Baby wipes will not work, antibacterial wipes will NOT kill viruses, and, NO, neither will your bottle of Jack Daniels Whiskey or Tito's Vodka since they are only about 40% ethanol!
You may also find many hand sanitizers that contain benzalkonium chloride as the active ingredient instead of alcohol. These products, however, are not recommended by the CDC, since “available evidence indicates benzalkonium chloride has less reliable activity against certain bacteria and viruses” compared to alcohol-based sanitizers.
How To Use a Hand Sanitizer
Hand sanitizer works best when used correctly.
A hand sanitizer is ineffective if too little is applied or it is wiped off before it has dried completely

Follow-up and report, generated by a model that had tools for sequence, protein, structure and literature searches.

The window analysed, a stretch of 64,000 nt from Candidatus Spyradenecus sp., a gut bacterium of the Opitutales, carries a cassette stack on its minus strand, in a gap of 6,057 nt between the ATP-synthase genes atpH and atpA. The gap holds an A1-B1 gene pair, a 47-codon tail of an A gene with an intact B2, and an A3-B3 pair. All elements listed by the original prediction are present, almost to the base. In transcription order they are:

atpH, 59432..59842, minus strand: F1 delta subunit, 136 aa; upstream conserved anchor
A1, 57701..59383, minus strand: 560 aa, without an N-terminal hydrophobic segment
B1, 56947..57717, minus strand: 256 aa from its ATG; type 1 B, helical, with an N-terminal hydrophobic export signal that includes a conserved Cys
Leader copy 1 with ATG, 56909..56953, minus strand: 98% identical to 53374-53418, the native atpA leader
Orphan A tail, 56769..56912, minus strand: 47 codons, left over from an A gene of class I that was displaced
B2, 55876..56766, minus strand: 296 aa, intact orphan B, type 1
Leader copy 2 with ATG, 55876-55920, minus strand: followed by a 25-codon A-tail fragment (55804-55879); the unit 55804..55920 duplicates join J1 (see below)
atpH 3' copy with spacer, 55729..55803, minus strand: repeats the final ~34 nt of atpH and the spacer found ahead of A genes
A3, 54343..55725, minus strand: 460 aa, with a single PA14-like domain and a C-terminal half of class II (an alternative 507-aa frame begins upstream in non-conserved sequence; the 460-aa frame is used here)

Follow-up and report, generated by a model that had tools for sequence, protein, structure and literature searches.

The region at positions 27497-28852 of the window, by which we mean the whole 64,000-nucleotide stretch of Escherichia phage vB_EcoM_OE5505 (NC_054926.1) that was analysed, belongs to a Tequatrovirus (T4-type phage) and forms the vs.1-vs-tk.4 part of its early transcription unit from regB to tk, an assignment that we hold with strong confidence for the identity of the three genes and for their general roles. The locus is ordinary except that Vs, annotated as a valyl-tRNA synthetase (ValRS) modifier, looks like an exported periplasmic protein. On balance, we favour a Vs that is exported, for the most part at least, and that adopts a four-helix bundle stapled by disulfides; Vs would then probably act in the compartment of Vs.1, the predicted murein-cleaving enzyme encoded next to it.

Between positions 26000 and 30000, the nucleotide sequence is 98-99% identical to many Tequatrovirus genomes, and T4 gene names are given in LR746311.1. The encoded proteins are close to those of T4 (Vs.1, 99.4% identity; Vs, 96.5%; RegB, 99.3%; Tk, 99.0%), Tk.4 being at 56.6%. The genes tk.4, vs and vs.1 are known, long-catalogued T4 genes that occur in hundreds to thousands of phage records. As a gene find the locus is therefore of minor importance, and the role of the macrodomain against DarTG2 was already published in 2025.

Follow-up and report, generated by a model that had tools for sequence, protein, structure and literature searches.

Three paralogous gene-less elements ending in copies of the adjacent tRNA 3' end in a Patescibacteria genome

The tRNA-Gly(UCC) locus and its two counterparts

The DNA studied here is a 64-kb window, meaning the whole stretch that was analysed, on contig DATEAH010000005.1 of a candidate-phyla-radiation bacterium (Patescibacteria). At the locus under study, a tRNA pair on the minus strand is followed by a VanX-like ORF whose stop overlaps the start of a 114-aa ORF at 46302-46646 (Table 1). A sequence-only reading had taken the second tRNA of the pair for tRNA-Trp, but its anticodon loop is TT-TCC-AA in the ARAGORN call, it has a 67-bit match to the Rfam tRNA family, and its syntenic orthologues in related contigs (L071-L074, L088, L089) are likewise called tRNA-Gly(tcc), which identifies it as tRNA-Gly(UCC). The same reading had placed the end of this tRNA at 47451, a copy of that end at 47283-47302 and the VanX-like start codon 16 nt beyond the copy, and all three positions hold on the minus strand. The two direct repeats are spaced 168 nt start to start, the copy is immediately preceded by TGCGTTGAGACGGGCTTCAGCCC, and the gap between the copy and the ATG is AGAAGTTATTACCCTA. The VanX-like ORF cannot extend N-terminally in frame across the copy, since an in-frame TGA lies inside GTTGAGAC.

Just putting a little dollop in the palm of your hand and wiping quickly isn't good enough, says Dr. William Schaffner.
"You've got to use enough and get it all over the surfaces. Rub it all over your hands, between your fingers and on the back of your hands."
- Apply the recommended amount to the palm of your hand.
- Make sure to cover the entire surface of both hands and distribute the sanitizer all over, paying special attention to the fingertips
- Rub your hands together until they feel dry (this should take around 20 seconds).
- Do NOT rinse or wipe off the hand sanitizer before it’s dry; it may not work well against germs.
- The picture below is courtesy of the World Health Organization
Hand sanitizer precautions
Hand sanitizers can be toxic when ingested, especially by children. “Drinking only a small amount” can cause alcohol poisoning in kids, according to the FDA. If you or your child ingests hand sanitizer, call the poison control center or a medical professional immediately.